It is tough to take the Seattle Streetcar network seriously these days. The reasons are well-known to the STB community and beyond, and are both obvious and many: right-of-way design choices that permanently handicap operations; outrageous cost overruns and design delays due to bizarre procurement decisions; service corridors that make little sense in larger plans; an inability to use political capital to design the system to truly work properly. Even our venerable leading advocacy groups don’t give much love to the streetcar.
Which is all very sad, because some of the world’s finest cities have expansive and useful networks, built for competitive sums of money that are highly effective and quite nice to use. We can, and should, do better. I want to see streetcars made a much more visible part of our transit future, and I believe that it’s possible.
Anecdotally, the existing lines — First Hill and South Lake Union — seem like solutions in search of a problem. How did we get here? And where do we go?
What We Have Today
First Hill is first and foremost a compromise line, and not a very good one at that. First Hill was slated to get a Link station as part of the original 1996 Sound Move program, roughly sited on Madison Street somewhere between Boren Avenue and Broadway. That never came to be, and the staff of this formidable space has argued to find a new solution ever since. Operations are slow, ridership isn’t great, and the efficient connections it is supposed to provide — connect both Capitol Hill and the International District Link stations to the medical centers — are not really that efficient. Also, the years-long delay of start-of-service was a public relations disaster, and its effects remain by tempering local support to extend the line from its northern terminal at Denny Way through the bustling North Broadway business district to a new terminal at or about Aloha Street. At least the view is nice.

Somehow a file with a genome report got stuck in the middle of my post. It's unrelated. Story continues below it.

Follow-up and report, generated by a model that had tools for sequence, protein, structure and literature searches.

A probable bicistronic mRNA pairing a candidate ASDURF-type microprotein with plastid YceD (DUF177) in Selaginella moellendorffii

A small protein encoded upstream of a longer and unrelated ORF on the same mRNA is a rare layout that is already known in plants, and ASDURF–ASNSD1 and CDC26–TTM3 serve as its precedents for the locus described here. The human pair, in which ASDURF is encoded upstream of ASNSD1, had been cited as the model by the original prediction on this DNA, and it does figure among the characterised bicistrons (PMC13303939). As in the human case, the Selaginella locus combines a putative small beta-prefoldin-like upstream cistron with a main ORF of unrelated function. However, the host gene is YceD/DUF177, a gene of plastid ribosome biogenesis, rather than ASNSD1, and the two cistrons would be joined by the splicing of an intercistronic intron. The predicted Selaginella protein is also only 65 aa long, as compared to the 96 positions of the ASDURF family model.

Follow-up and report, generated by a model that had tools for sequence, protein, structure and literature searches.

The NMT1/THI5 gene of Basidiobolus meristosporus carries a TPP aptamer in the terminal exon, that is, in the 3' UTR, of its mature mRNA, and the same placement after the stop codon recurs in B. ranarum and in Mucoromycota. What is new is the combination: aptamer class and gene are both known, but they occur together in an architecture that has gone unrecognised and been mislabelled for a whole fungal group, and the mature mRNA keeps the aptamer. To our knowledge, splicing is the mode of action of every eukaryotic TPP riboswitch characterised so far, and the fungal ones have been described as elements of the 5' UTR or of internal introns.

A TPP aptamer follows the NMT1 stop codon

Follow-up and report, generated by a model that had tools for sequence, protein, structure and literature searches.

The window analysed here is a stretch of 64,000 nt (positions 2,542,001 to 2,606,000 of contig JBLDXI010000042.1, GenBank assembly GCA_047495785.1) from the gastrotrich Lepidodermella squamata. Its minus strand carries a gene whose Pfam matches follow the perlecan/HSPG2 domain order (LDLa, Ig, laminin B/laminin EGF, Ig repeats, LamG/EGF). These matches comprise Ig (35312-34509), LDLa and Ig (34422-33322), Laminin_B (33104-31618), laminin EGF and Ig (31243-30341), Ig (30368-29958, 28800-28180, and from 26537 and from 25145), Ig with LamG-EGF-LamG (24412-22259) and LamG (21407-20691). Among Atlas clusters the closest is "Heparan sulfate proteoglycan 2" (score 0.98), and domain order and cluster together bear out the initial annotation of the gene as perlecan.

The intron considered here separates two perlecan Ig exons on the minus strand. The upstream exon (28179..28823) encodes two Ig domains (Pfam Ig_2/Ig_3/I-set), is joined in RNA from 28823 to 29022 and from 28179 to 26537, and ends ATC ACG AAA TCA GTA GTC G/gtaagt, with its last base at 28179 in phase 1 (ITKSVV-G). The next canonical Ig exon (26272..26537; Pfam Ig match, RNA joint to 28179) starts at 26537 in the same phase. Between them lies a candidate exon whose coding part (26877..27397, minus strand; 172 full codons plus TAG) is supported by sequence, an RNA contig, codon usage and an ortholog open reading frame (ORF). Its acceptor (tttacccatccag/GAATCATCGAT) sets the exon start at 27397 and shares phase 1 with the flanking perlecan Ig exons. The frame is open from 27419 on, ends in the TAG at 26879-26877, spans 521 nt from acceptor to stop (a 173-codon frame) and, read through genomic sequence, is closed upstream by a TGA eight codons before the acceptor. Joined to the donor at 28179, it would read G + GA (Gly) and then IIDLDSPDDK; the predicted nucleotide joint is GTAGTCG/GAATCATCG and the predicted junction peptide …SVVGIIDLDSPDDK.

South Lake Union is little better. Though recent improvements have helped, they have also been half-hearted: 9 years later and only after the passage of a levy initiative, and still the line shares its right-of-way with bus stops and allows turning opportunities for vehicle traffic. The southern terminal at Westlake “station” is sited at such a distance from the transit tunnel entrances on Pine Street and 5th Avenue that it is difficult to consider them part of a transit “hub”. Those logistics problems skirt the central question: really, who is this line for? What was the issue it tried to solve in the first place? Bus routes C and 40 run more often and cover almost the entire walkshed. The entire line is just over a mile and a quarter, a distance most able-bodied individuals can cover on foot in 20 to 30 minutes, and unusually for Seattle, it is completely flat.
Thankfully, the biggest lessons seem to have been learned for the Center City Connector: dedicated right-of-way, coordinated signal timing (for First Hill too), smart station placement. However, enthusiasm for additional streetcar investments entirely disappeared after the multiple problems that plagued the opening of the First Hill line, by which time the Center City Connector had already been approved and design work had begun. (And, the CCC won’t fix the structural issues at either end.)